When Brigham Young University-Hawaii's digital media lab needed to turbo-charge its high-def video processing system, it had two choices: Add a storage area network, or plop a solid-state drive into its Mac Pro tower computer.
It chose the latter, and its drive performance immediately improved by 16 times, which allows the lab to process the 4K video resolution being recorded by its cutting-edge, $25,000 Red One video camera.
While by no means cheap -- the BYU lab spent about $7,000 for each of two WarpDrive SLP-300 PCIe solid-state storage cards it bought from LSI Corp. -- the move was far less expensive than building out the school's SAN.
A SAN upgrade "would cost us $20,000 to $30,000," said Russell Merrill, director of BYU-Hawaii's Instructional Media and Production Department. "Yeah, you might have more storage with a SAN, but you still wouldn't have the speed of a WarpDrive."
Merrill said it would have taken a 20-drive hard disk storage array to have achieved the performance found with the SSDs, which he alternates using in a Mac Pro, which is bootstrapped to run Windows 7, and on the school's Avid video editing station.
LSI's WarpDrive is a PCIe-based flash card, one of a growing number of such products that have recently come to market. Others include Texas Memory Systems' RamSan-70, OCZ's RevoDrive, Marvell's DragonFly, and Fusion-io's IODrive, which offers more than 1 million random read/writes using 4K packet sizes.
Intel and Micron also plan to unveil PCIe-based SSDs this year.
LSI's WarpDrive card, which can deliver up to 240,000 I/Os per second or up to 1.5Gbps throughput, is used by BYU-Hawaii to accelerate production of the school's audio and high-def TV materials.
Using the LSI WarpDrive SSD helped BYU-Hawaii overcome performance issues found with the Serial ATA-based hard drives it had used for HD video production, Merrill said. The hard drives were capable of providing only half the throughput required to deliver a single stream of 2K uncompressed video. "You'd get an error message saying you're out of I/O on the SATA drives," Merrill said.
The performance limitation of the SATA drives also caused audio delays in the school's Avid Pro Tools editing stations, and prevented the use of needed plug-ins and filters.
Using the WarpDrive card in its media lab, BYU-Hawaii has achieved write performance of 511MBps and reads of 488MBps, supporting the delivery of 4K uncompressed HD video, as well as multiple streams of 2K uncompressed HD video.
In addition, the write performance of the WarpDrive card helped enable the lab to consolidate workflows for large-scale CD-quality recording sessions.
Each of the WarpDrives only has 300GB capacity, but that's more than enough to perform the video rendering and audio editing work, Merrill said.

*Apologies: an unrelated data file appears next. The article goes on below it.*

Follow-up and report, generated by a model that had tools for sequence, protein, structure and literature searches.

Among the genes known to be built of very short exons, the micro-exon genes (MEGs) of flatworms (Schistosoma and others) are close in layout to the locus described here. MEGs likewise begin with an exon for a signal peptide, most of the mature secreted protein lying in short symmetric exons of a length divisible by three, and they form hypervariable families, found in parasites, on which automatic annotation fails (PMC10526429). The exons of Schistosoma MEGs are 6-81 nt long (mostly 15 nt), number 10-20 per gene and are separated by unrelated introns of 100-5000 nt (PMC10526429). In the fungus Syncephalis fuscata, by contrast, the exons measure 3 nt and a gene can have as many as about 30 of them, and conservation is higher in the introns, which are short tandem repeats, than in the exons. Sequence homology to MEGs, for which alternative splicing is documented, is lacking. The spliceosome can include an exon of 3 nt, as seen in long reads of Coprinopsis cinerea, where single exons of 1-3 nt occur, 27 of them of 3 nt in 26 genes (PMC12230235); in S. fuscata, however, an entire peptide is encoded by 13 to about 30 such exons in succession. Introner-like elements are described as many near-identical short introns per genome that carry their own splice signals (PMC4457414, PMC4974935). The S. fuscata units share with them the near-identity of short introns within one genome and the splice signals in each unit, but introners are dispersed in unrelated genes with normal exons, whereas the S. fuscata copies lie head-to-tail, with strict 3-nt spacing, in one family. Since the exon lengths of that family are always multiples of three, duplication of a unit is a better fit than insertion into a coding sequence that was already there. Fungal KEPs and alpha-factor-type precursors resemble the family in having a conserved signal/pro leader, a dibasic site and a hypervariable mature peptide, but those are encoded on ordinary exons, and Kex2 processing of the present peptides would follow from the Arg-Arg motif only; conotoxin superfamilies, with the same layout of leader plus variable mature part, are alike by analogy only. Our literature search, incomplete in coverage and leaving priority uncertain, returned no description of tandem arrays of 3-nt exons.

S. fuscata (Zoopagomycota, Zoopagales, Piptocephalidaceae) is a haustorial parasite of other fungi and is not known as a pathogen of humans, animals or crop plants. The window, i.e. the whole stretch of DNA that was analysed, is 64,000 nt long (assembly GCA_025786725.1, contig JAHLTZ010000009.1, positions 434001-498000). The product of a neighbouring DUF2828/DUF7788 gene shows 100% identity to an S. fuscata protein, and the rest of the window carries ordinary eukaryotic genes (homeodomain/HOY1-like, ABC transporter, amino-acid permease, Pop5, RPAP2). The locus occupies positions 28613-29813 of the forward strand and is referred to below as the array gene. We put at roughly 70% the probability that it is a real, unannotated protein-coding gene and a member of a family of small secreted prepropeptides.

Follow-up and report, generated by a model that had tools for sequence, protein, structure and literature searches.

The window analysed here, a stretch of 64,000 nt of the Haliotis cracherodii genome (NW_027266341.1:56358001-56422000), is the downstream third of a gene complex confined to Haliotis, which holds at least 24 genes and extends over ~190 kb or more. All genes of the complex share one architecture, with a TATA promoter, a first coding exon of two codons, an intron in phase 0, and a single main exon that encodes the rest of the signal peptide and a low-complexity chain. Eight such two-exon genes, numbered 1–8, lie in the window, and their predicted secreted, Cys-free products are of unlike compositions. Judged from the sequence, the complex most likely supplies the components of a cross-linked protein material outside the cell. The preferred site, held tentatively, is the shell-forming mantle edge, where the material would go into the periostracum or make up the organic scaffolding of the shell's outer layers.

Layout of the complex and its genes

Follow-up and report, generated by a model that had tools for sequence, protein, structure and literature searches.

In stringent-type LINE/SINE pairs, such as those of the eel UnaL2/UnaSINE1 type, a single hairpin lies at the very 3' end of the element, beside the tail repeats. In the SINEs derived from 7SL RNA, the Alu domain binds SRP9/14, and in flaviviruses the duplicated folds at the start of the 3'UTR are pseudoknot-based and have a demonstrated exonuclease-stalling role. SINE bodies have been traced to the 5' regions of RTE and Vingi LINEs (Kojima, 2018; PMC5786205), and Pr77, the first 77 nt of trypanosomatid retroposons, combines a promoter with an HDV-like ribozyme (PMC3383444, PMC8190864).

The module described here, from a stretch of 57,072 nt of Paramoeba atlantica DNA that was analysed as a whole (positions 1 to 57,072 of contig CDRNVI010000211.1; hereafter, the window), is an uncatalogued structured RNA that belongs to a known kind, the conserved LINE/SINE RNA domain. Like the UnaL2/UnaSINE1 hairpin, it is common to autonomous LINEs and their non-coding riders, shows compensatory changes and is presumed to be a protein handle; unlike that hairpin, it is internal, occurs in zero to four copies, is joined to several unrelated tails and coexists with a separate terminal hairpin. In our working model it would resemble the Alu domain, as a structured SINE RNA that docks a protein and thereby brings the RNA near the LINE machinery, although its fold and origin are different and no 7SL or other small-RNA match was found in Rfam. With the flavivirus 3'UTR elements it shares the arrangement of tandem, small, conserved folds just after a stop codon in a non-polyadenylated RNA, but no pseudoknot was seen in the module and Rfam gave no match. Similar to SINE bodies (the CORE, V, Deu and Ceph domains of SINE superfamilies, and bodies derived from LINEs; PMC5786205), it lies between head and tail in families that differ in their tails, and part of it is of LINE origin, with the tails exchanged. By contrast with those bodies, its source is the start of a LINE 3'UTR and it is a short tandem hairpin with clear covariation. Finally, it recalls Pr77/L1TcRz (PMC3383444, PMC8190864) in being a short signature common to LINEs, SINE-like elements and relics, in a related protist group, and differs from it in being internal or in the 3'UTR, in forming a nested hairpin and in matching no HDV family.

"The big thing for me is the savings on our resources," Merrill said, adding that the SSDs have cut the time spent in downloading video from cameras to the Mac and has shortened the editing process, where video is played back over and over again.
When in the field with the Red One hi-def video camera, users able to download content to the Mac Pro in minutes, according to Travis Cameron, digital media manager at BYU-Hawaii.
Typically, Cameron said, in order to capture video live in the field, playback editors are required to use a low-resolution setting. The SSDs allow the school to capture 4K resolution video straight to the Mac Pro.
"For media, that's the big thing -- the capture and playback," Cameron said.
Last year, the school installed an IBM DS5020 SAN on which it stores most of its video. The system is tied into video production systems through a 16Gbps Fibre Channel network.
But the expense of getting the video department's Pro Tools audio editing machine tied into the Fibre network prompted the school set up a separate Gigabit Ethernet network, according to Cameron.
"Pro Tools for audio doesn't consume much physical space, so 300GB is enough for all the projects we do," Cameron said.
Cameron said that beyond what the school can do in its lab, the new tools let him handle video editing chores on his Mac Pro home computer, using the cards with no attached networks.
"You don't need to run a cable. You can take out [an SSD] card smaller than a SATA hard drive, and it's easy to plug it into the machine and go with it," Cameron said. "We use it wherever we need it -- sometimes in my house, sometimes in our audio machine, sometimes in our editing bay that's not connected to the SAN. It really fluctuates."
Lucas Mearian covers storage, disaster recovery and business continuity, financial services infrastructure and health care IT for Computerworld. Follow Lucas on Twitter at @lucasmearian, or subscribe to Lucas's RSS feed . His e-mail address is firstname.lastname@example.org.